UserVoice widgets are written in such way that they won‘t block page load and instead only load after the initial page is loaded. This means that your page load times are not impacted by installation of any UserVoice widget.

Domain Name Service (DNS) redundancy.

Provided by our DNS provider Dyn. From their site: “Built on a global IP Anycast network that includes 17 data centers, our enterprise-grade platform boasts an easy-to-use, web-based management portal, advanced logging and reporting, IPv6 and DNSSEC support—all with the backing of our support team that is available 24/7/365.”

Network-level redundancy.

Provided by our hosting provider Softlayer Technologies.

Application-level redundancy.

  • Redundant front-end proxy web servers.
  • Behind them are multiple application servers sitting behind a load balancer that ensures that if a server goes offline requests are immediately funneled to the remaining servers.
  • Database is arrayed in a standard master-slave configuration to provide a live backup and failover database should the master database server go offline.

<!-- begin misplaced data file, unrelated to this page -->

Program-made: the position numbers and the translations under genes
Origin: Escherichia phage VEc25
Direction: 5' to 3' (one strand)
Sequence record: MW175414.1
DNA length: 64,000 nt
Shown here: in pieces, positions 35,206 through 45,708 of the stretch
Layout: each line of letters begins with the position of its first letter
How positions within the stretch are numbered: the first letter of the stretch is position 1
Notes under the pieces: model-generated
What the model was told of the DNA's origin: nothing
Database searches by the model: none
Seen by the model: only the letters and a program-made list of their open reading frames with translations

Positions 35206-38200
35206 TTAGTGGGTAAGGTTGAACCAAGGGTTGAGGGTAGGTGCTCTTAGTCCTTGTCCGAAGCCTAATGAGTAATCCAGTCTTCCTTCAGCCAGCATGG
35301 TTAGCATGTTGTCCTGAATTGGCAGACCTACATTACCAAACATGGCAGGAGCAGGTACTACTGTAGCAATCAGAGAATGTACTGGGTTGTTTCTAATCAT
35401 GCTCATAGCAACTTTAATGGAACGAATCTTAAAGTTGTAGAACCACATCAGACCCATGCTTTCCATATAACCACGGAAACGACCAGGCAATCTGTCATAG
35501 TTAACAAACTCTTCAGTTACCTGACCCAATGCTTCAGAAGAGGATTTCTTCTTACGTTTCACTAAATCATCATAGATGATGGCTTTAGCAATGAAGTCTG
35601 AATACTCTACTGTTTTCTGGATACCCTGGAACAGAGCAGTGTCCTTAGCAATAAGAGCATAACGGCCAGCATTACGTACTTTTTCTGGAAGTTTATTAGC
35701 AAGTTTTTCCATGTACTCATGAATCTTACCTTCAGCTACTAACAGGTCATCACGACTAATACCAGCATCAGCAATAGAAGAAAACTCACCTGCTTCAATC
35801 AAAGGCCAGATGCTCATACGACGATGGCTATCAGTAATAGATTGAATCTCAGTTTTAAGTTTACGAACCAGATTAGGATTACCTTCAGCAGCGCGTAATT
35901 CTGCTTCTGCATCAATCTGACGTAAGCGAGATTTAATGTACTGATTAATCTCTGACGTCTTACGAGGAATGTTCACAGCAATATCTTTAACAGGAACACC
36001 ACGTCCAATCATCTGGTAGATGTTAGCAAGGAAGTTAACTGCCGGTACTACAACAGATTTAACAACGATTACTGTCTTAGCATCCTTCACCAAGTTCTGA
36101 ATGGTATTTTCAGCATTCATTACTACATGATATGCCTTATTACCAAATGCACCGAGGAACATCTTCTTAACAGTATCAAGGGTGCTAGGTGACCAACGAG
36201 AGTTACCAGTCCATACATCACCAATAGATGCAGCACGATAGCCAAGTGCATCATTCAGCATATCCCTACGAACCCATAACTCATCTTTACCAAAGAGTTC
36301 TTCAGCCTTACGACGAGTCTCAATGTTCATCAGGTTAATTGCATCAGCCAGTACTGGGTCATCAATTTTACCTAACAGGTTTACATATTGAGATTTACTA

• Redundant secondary (NoSQL) databases.

Internal as well as external monitoring means we respond quickly to any service issues.

  • Internal system monitoring tools (Nagios) check on all systems every five minutes, and critical systems or errors are checked every minute.
  • Any critical errors (ex: server offline) triggers SMS alerts to the entire engineering team.
  • Pingdom is used to both monitor uptime of UserVoice sites as well as our internal tools (Nagios). The watcher of the watchers, if you will.
  • Application level monitoring includes custom internal tools (based on statsd) to track application events, tracking all 500 errors (failed requests) using Airbrake and New Relic RPM to track error rates and response times.